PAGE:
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South Salt Lake Journal

Civilian Review Board reviewed 101 use of force incidents by SSL police

May 08, 2023 02:39PM ● By Zak Sonntag

South Salt Lake’s Civilian Review Board, an independent commission created in 2022 to provide additional transparency and accountability of the South Salt Lake Police Department, issued its first report. (File photo Bill Hardesty/City Journals)

South Salt Lake’s Civilian Review Board, an independent commission created in 2022 to provide additional transparency and accountability of the South Salt Lake Police Department, issued its first report, offering a civilian perspective on over 100 incidents of the use of force by the city’s police officers. 

The report makes recommendations for improved policing, including its advisement that the department procure new body cameras and institute improved civilian complaint procedures—while also commending officers for their use of de-escalation tactics. 

“Not always does de-escalation work, but at least officers took the time and space to do that,” said Jason Keffer, vice chair of the CRB, who presented the report during a March South Salt Lake City Council meeting.

The CRB is part of a national movement for increased civilian oversight of law enforcement that gained traction in recent years in response to disturbing examples of police misconduct at departments around the country—most notoriously an incident in May 2020 in which a Minneapolis man named George Floyd was murdered by police, setting off nationwide protests, including in cities like SSL. 

The council responded to local protests by instituting the CRB, an independent seven-member board charged to enhance accountability and increase trust of law enforcement in the city.

The CRB’s first major report reiterated that body’s earlier findings on the death of Jebb Muir, a SSL resident killed by police officers during a use of force incident on Sept. 26, 2022.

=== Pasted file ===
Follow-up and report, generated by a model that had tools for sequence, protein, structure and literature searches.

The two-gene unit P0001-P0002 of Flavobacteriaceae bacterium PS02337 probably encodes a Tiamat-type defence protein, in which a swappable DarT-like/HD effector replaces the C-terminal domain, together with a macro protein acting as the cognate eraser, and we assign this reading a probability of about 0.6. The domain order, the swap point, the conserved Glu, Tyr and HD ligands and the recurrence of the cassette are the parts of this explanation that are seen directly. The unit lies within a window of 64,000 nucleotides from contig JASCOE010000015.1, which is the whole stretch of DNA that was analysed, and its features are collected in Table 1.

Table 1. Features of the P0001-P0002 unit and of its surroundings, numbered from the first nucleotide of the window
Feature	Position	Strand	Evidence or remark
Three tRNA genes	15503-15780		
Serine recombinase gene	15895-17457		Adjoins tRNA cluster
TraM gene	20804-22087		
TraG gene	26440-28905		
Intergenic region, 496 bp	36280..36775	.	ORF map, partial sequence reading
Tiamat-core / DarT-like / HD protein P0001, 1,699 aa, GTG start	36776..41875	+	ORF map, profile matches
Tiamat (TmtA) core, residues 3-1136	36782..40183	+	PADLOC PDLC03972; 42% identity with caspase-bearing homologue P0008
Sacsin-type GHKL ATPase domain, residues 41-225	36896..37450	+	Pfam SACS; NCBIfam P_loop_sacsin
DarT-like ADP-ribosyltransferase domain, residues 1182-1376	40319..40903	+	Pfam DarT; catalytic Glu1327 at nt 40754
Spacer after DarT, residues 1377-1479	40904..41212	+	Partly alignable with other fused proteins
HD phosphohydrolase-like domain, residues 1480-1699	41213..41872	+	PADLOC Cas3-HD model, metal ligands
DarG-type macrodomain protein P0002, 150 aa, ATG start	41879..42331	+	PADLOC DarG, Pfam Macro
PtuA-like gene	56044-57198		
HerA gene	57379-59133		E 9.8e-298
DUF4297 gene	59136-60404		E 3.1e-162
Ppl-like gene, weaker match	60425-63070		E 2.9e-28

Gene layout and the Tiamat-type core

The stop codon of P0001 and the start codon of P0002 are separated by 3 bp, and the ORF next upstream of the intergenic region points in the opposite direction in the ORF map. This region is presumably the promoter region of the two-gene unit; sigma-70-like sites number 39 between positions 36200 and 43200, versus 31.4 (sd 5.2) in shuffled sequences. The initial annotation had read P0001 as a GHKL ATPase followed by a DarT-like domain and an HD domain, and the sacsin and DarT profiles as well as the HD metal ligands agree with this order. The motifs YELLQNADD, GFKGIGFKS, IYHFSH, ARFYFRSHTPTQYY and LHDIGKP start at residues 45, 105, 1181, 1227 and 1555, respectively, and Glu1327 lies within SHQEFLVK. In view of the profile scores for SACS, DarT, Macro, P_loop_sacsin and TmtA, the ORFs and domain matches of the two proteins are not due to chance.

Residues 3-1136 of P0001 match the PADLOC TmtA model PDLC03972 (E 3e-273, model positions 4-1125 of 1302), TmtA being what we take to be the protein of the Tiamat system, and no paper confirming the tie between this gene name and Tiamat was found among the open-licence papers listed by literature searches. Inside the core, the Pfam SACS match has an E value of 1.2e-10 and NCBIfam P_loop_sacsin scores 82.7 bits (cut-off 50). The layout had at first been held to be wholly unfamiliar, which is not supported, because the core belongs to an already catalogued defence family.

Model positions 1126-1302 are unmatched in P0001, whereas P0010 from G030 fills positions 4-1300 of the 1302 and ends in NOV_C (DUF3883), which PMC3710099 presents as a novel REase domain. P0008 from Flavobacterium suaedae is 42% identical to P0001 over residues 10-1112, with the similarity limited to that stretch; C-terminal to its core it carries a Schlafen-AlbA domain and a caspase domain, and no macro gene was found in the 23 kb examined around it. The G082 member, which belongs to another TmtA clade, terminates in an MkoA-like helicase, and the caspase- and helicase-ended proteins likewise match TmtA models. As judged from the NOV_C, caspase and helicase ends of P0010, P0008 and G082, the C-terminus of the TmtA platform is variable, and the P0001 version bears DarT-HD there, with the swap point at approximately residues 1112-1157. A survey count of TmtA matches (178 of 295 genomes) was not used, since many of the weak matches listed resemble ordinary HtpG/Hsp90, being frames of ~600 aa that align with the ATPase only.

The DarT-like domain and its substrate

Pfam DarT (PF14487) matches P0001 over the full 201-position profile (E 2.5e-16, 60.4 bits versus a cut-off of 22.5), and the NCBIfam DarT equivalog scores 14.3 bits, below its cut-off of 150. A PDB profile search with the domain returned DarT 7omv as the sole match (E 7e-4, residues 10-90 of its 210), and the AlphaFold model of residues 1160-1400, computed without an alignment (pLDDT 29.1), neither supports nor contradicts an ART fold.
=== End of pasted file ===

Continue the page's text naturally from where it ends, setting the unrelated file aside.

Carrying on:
Muir, 44, was “suffering with psychosis, suicidal ideation, and had previously barricaded himself in a house and prepared firearms during an encounter with police leading up to the fatal incident,” according to investigations from South Salt Lake Police Department Internal Affairs and Salt Lake County Officer Involved Critical Incident Response Team.

After reviewing the relevant evidence, including bodycam video and 911 recordings, the CRB concurred with those findings and said the use of force by officers was reasonable. 

The September 2022 incident was one of 101 use-of-force incidents by SSL police officers reviewed by the CRB. The board reviewed the written report on all 101 use-of-force cases, and reviewed body-cam footage for 82 of those incidents. They concluded that zero incidents where out of compliance with state statute or city policy.

The report offers a readout of the different modalities of force utilized by officers: Tasers were drawn in 12% of incidents, and discharged in around half of those incidents; around 5% of the incidents resulted in the use of pepper spray; around 2% saw the release of K9s; firearm was displayed in 33.3% of incidents.

The report also offers a demographic snapshot of use of force encounters in SSL: It shows the overwhelming majority of incidents involve males; 64% of incidents involved white civilians; 22% Hispanic; 8% Black; and less than 3% were Native American or other. 

However, the review board notes that demographic distinctions are estimates, because verification mechanisms are not scientific. In fact, Keffer told the council that when determining demographic profiles “in some cases it is a best guess by the officers.”

The report also shows that arrest control techniques, which entail non-lethal physical tactics like martial arts, where used in 39.5% of incidents.

Toward the end of smart enforcement policy, the CRB commended the council for its recent creation of the Homeless Resource Officer program, and its decision to hire a Licensed Clinical Social Worker in partnership with the Department of Justice to help respond to calls involving mental illness, an issue whose implications in law enforcement are of growing concern, the CRB explained. 

“Homelessness, substance abuse, and mental illness are significant causes of police intervention in South Salt Lake, and as a result are amongst the leading factors in police use of force,” the report states.

The board also commended the SSL Police Department for its implementation of a new training method for physical confrontations, which elevates arrest control techniques, including “Gracie Survival Tactics” informed by Brazilian ju jitsu. λ